TV Response: New rules, New Roles flips conventional thinking about response campaigns on its head. It is the most thorough investigation into TV response ever, bringing the industry’s understanding of how to optimise response into the connected 21st century
TV Response is based on last century’s truths.
Despite all the changes in TV viewing, the industry’s understanding of TV response hasn’t changed significantly in decades, leaving today’s advertisers and agencies unable to properly optimise it. These days most consumers watch TV accompanied by smartphones, which has changed everything.
We set out on a 10 month project to re-write the rules of TV response.
To rewrite the rules, we needed to understand response over three different time horizons: long-term (3-24 months), short to medium -term (0-3 months) and immediate (up to 8 minutes post-exposure). We also wanted to see how channels work together as part of a connected system of response, rather than as a series of silos. We did this by analysing more spots than any other study.
54 advertisers, 1.5m spots, 10 months of work.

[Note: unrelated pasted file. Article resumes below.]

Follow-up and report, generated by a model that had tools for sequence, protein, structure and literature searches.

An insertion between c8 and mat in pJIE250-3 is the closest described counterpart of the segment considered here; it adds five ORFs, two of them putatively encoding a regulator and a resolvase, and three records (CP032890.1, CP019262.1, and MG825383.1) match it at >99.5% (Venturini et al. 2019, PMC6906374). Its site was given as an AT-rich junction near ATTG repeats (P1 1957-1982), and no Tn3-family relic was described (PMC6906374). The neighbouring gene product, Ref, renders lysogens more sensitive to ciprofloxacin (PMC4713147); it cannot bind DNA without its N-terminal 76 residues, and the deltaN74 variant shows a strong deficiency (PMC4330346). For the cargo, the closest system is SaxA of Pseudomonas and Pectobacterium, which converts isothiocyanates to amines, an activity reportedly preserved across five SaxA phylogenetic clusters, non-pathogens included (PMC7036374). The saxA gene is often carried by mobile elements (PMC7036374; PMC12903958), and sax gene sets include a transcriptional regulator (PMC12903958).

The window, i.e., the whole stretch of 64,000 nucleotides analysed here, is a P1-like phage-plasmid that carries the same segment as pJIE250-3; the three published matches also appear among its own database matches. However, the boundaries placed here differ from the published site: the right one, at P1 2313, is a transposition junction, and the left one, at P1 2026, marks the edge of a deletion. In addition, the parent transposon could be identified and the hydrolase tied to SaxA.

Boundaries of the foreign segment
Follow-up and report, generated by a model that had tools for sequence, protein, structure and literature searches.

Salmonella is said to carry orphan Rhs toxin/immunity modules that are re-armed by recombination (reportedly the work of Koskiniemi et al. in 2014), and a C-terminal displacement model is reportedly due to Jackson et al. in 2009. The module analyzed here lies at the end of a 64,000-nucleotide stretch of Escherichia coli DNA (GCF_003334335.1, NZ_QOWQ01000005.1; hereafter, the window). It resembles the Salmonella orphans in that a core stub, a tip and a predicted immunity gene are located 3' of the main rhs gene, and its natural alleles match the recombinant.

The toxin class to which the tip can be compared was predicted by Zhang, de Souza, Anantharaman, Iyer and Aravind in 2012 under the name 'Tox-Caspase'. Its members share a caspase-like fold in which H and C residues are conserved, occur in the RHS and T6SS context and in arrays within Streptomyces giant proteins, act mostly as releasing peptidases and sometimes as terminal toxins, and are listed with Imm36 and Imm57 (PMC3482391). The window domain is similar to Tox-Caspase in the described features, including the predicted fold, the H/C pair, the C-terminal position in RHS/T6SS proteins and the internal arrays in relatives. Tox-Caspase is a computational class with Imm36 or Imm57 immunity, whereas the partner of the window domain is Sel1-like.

We employed a unique combination of methodologies to measure response across time horizons: Brand health modelling to measure long-term effects; Econometric modelling to measure short-to-medium term & GroupM’s Spotlift tool to shed light on immediate response at a very granular level.
247 insights that can deliver a 17% improvement in ROI.
The research was launched at a standing-room-only event, and has been watched on-demand by over 1,000 people since. It uncovered 247 specific new insights, here’s a taster.
1. TV has hidden effects. Some responses to TV ads are more obvious, e.g. calling phone numbers. But TV also creates indirect responses online which are harder to unpick: 33% of sales via paid search 33% of Facebook interactions, 26% of sales via online display are driven by TV.
2. Half of the response from media is delivered in the longerterm. Most brands don’t measure response over such a long time period. Planning based on half of the picture can’t be optimal.
3. TV drives response across all sales channels. It drives social interactions (which drive SEO position), enhances the effect of digital media, drives brand health and long-term sales. Media planning needs to take these effects into account: If TV enhances the effect of digital media, then to properly optimise both they need to be planned together.
4. DRTV works better during peak, rather than in daytime, where most of the spots run. DRTV in daytime is saturated, so moving into peak reaches a new unsaturated audience, smartphones in hand. This fundamentally changes DRTV. We now have a mass of evidence that the planning and trading of DRTV needs to evolve to allow advertisers to fully optimise their plans.
Applying these rules improves TV ROI by an average 17%. Given £5bn is invested in TV each year, the research can be expected to drive millions of pounds of extra revenue for clients of every agency.